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Secondly, these memorials act as a mirror bringing us face to face with the realities of our story. Our country was established with a broken system, one that denied the humanity of certain people. These are systems, though they have been battled, that we still feel today. Some would say we live in a post-racial society, that the images featured on the walls of these museums are from the distant past, that we’ve moved on, and we all experience equality.

But then we hear the cries white nationalists for a return to segregation, already very segregated worship services, the right to vote being challenged in certain states, racial slurs scribbled across the home of one of the world’s most prominent athletes, nooses being left at the National African American Museum, and so on and so on and you wonder have we really moved on? In some ways, yes, in others, no, but these mirror images from today and yesterday help to remind us of the work that has been done and the work still unfinished.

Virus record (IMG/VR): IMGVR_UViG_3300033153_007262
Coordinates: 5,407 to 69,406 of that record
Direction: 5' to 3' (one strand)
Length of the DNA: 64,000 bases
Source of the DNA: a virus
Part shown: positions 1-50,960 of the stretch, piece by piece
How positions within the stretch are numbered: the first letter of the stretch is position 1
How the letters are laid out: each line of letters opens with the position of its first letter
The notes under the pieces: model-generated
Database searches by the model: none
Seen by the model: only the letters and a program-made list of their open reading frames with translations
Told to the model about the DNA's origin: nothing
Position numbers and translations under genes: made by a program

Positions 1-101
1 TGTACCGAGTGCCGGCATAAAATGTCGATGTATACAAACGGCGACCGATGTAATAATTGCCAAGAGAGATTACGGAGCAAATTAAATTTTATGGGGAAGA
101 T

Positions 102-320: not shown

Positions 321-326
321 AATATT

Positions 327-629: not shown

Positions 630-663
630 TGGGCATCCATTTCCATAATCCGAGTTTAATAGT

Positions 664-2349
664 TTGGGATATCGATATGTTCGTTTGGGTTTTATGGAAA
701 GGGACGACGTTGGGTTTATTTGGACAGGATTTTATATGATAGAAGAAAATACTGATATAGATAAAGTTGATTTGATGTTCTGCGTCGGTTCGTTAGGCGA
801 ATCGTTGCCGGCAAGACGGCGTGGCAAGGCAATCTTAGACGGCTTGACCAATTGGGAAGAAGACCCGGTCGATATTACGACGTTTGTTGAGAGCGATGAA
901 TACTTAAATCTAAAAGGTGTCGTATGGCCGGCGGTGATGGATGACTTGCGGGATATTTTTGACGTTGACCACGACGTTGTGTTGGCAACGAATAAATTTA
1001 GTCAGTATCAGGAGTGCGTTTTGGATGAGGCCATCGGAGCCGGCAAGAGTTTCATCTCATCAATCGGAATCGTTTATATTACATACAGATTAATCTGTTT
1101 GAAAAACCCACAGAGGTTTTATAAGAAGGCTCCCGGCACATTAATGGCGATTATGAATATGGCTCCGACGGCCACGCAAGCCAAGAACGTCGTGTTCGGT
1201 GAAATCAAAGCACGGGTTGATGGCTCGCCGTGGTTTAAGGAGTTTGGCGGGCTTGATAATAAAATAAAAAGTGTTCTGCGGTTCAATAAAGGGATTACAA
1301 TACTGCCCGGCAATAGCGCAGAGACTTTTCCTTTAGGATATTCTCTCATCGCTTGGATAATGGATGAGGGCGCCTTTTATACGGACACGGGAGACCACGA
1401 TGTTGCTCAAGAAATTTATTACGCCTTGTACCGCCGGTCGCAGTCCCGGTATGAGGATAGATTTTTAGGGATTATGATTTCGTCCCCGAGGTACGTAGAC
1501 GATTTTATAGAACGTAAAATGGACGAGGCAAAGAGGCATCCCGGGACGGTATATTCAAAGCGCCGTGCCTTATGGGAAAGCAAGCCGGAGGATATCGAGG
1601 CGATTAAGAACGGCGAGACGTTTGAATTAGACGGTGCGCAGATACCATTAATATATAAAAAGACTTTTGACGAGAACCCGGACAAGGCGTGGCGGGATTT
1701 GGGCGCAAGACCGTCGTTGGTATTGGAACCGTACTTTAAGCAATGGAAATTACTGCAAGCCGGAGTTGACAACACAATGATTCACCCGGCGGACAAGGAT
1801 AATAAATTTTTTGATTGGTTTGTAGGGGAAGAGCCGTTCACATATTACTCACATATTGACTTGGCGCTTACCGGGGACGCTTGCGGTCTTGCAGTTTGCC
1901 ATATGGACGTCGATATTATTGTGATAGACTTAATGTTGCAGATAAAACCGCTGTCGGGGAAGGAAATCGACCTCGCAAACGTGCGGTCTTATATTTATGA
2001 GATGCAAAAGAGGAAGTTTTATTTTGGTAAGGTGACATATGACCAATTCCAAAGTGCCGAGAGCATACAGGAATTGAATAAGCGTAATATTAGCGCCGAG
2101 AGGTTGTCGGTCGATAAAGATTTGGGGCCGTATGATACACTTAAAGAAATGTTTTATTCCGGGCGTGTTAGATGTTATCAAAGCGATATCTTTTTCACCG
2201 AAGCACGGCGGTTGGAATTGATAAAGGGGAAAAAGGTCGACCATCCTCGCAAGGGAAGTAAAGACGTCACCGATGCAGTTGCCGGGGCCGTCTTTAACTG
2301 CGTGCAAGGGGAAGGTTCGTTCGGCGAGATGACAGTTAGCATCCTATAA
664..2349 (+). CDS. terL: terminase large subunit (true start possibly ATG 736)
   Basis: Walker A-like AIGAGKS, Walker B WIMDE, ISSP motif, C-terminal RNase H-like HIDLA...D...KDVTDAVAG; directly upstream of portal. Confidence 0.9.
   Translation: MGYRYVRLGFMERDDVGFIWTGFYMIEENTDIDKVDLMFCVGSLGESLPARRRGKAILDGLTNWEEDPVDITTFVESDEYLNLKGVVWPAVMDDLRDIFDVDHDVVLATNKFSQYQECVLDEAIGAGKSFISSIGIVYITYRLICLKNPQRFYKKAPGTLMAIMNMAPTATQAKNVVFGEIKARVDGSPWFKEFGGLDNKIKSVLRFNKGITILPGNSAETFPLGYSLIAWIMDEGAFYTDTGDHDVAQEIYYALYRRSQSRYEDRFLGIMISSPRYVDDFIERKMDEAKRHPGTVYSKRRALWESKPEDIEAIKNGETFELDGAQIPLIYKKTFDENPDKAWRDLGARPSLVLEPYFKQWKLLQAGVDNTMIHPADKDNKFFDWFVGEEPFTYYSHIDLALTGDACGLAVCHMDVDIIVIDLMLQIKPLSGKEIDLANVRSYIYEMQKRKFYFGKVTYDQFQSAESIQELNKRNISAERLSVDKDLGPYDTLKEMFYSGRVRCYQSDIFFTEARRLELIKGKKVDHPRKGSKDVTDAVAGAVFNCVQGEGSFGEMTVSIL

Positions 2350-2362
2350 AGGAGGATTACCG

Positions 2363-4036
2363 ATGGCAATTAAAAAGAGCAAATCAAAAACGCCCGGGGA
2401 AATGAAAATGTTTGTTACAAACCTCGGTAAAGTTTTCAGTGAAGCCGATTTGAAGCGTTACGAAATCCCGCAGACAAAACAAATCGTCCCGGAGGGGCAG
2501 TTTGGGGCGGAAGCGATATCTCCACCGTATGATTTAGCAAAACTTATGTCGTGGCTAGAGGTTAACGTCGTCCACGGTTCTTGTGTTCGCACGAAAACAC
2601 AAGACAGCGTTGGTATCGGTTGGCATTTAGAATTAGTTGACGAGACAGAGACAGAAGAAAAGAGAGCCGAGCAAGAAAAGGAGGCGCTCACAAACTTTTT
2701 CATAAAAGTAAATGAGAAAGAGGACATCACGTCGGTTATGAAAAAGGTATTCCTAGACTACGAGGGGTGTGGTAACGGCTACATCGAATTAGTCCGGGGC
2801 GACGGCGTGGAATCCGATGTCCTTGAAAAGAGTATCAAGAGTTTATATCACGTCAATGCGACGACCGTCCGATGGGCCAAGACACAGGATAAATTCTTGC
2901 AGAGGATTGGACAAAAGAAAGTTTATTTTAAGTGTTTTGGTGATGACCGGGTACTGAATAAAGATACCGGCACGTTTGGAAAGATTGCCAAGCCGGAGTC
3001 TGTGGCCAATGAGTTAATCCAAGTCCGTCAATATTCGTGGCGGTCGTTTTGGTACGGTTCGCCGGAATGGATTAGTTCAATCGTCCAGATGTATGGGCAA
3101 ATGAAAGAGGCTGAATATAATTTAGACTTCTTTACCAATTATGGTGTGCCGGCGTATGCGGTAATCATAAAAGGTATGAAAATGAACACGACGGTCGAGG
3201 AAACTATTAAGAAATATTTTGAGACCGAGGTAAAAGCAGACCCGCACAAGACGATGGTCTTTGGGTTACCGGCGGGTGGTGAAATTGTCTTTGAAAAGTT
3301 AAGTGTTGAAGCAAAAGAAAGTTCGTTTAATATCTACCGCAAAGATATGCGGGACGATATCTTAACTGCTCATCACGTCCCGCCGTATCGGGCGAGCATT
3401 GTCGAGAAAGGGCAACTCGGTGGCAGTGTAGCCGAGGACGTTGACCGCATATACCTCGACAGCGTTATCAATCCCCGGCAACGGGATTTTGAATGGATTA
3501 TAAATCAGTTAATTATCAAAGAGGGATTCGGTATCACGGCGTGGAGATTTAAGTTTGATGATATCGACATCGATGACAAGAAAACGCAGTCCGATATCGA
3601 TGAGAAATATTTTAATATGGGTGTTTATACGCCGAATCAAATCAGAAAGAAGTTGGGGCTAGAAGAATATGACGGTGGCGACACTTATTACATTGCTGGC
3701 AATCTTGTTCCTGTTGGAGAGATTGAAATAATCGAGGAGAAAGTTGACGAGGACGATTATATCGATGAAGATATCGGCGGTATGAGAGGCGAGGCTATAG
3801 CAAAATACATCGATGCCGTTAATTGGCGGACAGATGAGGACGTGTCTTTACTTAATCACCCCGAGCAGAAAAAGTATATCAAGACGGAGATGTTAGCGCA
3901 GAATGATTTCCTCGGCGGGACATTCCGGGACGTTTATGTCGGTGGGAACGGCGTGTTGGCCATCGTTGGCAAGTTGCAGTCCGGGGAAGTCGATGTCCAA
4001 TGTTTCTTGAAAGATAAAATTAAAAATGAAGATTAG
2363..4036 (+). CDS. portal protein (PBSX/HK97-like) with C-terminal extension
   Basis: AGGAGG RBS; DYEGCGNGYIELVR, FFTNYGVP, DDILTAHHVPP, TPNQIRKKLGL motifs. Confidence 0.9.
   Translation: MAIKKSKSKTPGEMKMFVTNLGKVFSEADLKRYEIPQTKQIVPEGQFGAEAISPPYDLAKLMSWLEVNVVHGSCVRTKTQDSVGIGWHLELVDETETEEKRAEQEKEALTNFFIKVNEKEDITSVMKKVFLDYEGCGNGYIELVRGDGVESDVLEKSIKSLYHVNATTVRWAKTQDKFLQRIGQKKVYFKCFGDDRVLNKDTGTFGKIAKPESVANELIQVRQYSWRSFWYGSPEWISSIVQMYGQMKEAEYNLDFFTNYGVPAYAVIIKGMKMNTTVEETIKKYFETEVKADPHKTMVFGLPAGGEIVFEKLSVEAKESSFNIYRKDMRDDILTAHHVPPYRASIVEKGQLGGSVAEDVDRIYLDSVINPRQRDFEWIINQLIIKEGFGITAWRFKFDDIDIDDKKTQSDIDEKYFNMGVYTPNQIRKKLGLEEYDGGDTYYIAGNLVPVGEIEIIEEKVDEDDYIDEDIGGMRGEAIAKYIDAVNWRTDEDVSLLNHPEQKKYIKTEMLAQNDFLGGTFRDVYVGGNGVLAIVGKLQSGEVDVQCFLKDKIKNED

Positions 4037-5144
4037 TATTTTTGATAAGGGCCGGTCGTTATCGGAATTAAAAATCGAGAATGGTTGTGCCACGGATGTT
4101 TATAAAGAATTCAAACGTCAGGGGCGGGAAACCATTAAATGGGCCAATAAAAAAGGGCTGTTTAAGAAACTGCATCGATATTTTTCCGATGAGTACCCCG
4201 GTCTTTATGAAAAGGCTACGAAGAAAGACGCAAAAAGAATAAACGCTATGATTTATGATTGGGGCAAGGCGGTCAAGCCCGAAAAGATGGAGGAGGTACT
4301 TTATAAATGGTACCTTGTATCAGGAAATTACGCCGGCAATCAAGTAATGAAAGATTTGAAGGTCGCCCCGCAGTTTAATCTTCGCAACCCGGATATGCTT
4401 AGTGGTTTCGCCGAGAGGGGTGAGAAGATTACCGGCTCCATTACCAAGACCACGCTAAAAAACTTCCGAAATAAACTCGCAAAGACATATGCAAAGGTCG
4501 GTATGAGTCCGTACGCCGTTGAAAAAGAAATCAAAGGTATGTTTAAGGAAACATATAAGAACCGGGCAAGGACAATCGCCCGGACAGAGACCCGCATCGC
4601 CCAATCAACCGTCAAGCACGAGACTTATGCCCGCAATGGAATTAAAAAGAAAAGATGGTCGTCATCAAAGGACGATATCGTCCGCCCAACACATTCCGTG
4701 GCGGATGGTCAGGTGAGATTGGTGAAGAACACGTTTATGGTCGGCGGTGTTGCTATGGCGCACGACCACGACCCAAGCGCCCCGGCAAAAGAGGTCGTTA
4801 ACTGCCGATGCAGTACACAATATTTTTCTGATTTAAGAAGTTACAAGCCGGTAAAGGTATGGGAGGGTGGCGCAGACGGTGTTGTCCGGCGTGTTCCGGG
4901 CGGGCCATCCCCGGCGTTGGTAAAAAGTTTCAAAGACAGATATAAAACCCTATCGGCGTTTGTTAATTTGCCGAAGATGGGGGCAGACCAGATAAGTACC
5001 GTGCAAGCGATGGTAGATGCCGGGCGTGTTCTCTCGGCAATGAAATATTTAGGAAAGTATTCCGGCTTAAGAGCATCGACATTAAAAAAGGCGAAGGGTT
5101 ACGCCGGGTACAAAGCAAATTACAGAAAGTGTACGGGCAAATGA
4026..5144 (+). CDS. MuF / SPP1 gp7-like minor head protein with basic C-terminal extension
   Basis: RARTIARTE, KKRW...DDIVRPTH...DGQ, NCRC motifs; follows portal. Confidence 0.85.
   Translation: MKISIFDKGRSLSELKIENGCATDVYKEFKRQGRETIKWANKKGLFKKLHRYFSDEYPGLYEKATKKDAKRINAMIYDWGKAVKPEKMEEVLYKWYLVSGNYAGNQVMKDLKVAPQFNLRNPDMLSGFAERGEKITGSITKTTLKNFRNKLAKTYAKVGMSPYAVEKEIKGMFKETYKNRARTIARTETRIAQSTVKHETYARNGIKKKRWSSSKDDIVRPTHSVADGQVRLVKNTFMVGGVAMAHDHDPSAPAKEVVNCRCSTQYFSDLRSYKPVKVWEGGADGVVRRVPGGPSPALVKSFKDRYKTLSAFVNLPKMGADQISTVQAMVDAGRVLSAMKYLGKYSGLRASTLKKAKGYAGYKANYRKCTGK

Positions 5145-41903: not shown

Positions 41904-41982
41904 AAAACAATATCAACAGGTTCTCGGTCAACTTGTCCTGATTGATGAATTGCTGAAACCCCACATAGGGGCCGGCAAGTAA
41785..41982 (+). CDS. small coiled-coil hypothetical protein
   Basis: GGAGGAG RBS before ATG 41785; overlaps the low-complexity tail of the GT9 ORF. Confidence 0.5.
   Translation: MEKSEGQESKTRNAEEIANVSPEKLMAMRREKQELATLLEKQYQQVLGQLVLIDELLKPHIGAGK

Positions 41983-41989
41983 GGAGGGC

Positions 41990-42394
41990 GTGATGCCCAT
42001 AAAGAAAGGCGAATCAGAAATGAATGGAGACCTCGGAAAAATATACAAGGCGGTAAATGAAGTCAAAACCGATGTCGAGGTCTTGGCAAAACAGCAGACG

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The monuments, memorials, and museums of the civil rights movement are not always fun places to visit. Taking selfies might be the last thing on your mind. The truth of America’s history of oppression is hard to experience in any form. The mixture of emotions one might move through while reliving these sites takes a toll. It is exhausting, but imagine how exhausting it must be to live through it every day. The long-lasting effects created by the systematic and cultural traditions present in America’s foundation have great influence on the livelihood of many people even today. If we don’t maintain and visit these Ebenezers, will we ever remember to change? If we hear the Lord cry out for justice, and ignore it are we not the people James is talking to,